Objectives To prospectively assess the joint association of birth weight and established lifestyle risk factors in adulthood with incident type 2 diabetes and to quantitatively decompose the attributing effects to birth weight only, to adulthood lifestyle only, and to their interaction.
Design Prospective cohort study.
Setting Health Professionals Follow-up Study (1986-2010), Nurses’ Health Study (1980- 2010), and Nurses’ Health Study II (1991-2011).
Participants 149,794 men and women without diabetes, cardiovascular disease, or cancer at baseline. Main outcome measure Incident cases of type 2 diabetes, identified through self report and validated by a supplementary questionnaire. Unhealthy lifestyle was defined on the basis of body mass index, smoking, physical activity, alcohol consumption, and the alternate healthy eating index.
Results During 20-30 years of follow-up, 11,709 new cases of type 2 diabetes were documented. The multivariate adjusted relative risk of type 2 diabetes was 1.45 (95% confidence interval 1.32 to 1.59) per kg lower birth weight and 2.10 (1.71 to 2.58) per unhealthy lifestyle factor. The relative risk of type 2 diabetes associated with a combination of per kg lower birth weight and per unhealthy lifestyle factor was 2.86 (2.26 to 3.63), which was more than the addition of the risk associated with each individual factor, indicating a significant interaction on an additive scale (P for interaction<0.001). The attributable proportions of joint effect were 22% (95% confidence interval 18.3% to 26.4%) to lower birth weight alone, 59% (57.1% to 61.5%) to unhealthy lifestyle alone, and 18% (13.9% to 21.3%) to their interaction.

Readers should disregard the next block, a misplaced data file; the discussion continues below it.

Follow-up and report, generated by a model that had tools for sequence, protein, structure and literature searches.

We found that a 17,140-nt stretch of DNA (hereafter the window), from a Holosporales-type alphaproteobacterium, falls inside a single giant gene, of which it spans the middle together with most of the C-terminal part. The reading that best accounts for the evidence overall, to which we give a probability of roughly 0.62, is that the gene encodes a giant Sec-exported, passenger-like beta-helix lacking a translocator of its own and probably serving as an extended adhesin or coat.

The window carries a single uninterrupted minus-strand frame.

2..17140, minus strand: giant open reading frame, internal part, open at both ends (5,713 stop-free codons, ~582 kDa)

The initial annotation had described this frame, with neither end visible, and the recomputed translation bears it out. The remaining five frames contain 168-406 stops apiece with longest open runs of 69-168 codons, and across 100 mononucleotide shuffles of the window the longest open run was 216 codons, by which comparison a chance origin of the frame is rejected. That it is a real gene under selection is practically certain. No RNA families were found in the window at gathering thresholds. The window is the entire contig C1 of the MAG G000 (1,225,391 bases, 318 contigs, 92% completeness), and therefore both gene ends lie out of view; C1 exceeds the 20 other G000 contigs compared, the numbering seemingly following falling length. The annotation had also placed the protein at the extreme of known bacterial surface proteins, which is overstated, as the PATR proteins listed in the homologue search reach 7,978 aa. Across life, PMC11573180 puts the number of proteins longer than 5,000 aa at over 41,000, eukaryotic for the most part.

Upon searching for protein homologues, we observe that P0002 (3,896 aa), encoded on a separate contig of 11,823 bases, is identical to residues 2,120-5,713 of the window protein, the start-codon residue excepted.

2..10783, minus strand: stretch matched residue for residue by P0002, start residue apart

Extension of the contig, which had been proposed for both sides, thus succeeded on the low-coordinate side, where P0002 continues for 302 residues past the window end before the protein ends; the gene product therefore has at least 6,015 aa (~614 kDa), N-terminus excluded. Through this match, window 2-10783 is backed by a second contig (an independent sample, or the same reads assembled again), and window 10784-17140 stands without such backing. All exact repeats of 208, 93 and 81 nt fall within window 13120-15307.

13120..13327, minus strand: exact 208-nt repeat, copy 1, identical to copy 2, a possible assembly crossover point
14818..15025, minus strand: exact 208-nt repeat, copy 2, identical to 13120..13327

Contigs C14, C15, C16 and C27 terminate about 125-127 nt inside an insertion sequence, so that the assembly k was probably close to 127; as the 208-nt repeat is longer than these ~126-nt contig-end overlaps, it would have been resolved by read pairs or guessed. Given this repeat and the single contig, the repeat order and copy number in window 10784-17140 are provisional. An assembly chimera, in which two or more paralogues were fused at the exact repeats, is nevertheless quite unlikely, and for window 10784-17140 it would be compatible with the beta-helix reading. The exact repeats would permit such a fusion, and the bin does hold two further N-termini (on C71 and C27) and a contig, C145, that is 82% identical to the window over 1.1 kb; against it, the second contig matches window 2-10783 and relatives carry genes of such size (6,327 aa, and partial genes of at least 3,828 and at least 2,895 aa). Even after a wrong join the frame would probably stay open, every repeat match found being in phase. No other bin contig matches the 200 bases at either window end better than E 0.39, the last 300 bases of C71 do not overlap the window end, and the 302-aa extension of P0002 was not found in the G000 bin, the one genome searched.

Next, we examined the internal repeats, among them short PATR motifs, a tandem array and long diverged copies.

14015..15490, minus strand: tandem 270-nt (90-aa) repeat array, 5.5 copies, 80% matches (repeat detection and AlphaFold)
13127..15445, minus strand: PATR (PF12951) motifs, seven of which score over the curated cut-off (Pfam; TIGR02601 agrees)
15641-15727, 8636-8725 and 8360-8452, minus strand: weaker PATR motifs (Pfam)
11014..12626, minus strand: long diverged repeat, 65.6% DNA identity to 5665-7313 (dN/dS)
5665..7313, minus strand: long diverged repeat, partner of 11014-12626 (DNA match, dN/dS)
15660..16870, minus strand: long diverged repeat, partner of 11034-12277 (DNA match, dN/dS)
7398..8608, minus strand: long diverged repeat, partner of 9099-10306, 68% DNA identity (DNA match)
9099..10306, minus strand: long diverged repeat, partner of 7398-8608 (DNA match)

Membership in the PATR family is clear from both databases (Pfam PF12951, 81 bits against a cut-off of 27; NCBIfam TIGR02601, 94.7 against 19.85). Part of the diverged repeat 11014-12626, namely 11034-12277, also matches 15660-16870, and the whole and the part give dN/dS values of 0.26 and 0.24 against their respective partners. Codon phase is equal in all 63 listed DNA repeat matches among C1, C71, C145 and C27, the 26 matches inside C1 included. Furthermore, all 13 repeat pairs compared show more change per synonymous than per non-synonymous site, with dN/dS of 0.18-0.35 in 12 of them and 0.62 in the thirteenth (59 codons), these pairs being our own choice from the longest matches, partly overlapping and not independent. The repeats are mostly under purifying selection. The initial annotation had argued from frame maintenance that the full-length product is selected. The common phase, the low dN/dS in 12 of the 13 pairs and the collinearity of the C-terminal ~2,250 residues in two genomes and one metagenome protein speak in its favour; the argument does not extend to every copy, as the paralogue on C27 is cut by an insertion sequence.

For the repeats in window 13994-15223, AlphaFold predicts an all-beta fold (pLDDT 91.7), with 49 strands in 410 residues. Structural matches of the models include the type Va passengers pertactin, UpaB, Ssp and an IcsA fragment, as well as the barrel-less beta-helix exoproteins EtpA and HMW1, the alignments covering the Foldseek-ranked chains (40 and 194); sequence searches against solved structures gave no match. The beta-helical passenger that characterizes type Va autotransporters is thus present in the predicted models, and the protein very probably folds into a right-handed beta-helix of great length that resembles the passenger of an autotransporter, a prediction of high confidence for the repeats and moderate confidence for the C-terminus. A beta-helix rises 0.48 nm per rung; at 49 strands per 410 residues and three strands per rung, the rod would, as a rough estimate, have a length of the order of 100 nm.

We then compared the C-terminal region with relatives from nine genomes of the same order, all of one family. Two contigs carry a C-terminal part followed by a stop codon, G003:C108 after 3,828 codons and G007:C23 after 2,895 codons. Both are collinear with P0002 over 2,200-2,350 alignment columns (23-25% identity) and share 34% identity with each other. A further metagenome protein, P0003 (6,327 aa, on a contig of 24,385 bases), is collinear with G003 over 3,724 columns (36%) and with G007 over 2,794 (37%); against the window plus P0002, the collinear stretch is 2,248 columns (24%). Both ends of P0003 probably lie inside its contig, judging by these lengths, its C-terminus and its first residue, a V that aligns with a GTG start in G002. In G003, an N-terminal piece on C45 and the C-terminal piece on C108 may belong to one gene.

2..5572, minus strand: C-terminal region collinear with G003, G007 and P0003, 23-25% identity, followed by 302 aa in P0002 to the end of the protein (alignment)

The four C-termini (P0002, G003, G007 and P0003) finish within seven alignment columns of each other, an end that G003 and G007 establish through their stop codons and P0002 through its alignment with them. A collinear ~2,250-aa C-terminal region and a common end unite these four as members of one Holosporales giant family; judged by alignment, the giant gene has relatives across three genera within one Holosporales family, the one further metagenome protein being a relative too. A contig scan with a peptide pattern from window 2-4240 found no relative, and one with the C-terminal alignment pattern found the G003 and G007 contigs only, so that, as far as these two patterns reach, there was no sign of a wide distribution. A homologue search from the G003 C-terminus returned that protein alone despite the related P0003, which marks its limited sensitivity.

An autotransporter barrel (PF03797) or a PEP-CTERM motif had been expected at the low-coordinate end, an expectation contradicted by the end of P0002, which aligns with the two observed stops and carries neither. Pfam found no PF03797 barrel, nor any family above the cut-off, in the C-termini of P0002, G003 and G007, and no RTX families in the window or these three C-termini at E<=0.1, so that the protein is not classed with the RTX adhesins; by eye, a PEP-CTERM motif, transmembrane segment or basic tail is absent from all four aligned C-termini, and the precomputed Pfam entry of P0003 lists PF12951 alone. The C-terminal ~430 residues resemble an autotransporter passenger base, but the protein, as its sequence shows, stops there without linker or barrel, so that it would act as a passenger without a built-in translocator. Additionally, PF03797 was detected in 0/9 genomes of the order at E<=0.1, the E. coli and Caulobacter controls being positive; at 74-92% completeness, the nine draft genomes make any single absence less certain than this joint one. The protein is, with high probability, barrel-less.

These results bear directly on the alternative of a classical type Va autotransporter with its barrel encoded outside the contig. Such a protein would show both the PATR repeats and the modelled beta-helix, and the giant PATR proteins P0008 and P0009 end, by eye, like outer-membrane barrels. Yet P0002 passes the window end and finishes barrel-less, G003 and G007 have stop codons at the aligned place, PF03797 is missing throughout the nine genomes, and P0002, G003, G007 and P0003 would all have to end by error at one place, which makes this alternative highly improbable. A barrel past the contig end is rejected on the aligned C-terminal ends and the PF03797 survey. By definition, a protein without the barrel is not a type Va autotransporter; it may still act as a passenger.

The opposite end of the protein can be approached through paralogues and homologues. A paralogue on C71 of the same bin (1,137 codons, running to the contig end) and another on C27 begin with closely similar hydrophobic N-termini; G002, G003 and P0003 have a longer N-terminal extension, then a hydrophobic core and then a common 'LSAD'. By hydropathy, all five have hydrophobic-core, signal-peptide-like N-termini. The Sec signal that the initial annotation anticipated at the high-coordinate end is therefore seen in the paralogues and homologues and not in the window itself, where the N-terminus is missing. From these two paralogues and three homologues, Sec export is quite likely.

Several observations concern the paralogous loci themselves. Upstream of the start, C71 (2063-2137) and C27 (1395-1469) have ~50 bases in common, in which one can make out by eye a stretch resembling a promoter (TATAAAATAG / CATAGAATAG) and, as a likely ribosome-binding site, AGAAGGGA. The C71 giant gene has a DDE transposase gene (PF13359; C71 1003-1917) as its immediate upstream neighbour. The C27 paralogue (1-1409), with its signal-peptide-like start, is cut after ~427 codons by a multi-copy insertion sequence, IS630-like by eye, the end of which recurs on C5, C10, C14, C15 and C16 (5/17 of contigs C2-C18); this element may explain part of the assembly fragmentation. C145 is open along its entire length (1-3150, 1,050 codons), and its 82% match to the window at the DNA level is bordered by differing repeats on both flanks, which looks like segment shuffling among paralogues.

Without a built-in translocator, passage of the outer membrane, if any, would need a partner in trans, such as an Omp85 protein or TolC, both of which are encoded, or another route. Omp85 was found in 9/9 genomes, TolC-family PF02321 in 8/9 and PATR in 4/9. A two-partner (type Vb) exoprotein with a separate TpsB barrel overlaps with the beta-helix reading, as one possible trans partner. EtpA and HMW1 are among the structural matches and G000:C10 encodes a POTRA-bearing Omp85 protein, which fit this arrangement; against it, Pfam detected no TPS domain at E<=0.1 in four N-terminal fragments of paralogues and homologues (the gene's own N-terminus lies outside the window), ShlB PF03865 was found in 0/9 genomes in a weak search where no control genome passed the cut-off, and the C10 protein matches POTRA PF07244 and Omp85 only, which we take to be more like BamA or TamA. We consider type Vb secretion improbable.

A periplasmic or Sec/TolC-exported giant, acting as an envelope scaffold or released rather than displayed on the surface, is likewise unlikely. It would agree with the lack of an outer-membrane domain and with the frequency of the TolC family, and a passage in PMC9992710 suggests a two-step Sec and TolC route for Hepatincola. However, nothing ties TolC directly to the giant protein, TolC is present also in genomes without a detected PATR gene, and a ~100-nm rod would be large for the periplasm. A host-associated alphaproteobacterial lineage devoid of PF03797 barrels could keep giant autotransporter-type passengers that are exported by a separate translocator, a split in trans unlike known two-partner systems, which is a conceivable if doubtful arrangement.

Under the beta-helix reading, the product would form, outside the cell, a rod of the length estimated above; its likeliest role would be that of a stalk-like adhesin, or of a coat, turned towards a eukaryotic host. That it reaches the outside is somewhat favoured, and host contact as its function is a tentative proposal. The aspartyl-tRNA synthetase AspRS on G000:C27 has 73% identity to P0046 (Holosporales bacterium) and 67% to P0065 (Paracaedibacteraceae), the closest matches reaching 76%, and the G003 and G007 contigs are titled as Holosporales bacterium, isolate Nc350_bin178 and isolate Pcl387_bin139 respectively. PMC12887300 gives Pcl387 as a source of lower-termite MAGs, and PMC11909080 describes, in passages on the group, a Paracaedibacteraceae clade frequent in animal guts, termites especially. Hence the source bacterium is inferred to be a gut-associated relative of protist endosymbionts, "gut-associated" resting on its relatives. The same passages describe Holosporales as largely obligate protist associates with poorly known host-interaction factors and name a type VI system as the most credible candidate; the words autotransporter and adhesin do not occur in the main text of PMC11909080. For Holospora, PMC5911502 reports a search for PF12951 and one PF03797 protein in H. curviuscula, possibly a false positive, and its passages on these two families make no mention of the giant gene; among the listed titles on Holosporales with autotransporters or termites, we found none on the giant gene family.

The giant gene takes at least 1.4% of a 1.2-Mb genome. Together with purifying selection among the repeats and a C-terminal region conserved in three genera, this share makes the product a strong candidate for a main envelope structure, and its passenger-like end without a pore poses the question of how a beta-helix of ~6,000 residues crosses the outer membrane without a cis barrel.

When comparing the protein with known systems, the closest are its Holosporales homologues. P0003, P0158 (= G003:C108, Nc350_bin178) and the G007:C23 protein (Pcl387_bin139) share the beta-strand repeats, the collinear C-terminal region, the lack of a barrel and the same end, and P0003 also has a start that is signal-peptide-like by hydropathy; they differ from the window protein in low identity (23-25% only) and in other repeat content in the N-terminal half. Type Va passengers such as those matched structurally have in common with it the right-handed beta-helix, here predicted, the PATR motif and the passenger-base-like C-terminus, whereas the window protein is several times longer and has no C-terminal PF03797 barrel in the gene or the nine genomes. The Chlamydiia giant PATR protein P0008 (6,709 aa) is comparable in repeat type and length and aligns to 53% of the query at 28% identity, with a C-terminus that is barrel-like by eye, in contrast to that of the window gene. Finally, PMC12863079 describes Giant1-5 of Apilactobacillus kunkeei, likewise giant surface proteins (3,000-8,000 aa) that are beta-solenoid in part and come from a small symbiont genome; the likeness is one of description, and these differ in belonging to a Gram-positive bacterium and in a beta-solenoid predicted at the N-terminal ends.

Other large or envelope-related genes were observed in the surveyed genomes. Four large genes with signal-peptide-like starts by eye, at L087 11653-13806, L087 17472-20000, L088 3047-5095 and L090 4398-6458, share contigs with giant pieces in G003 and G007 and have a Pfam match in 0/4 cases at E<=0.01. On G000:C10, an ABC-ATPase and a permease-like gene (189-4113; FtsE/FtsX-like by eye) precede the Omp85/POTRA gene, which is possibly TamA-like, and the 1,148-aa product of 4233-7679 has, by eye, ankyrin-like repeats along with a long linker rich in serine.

Conclusion Most cases of type 2 diabetes could be prevented by the adoption of a healthier lifestyle, but simultaneous improvement of both prenatal and postnatal factors could further prevent additional cases.
Birth weight and later life adherence to unhealthy lifestyles in predicting type 2 diabetes: prospective cohort study by Yanping Li, Sylvia H Ley, Deirdre K Tobias, et al. BMJ 2015; 351 :h3672 (Published 21 July 2015)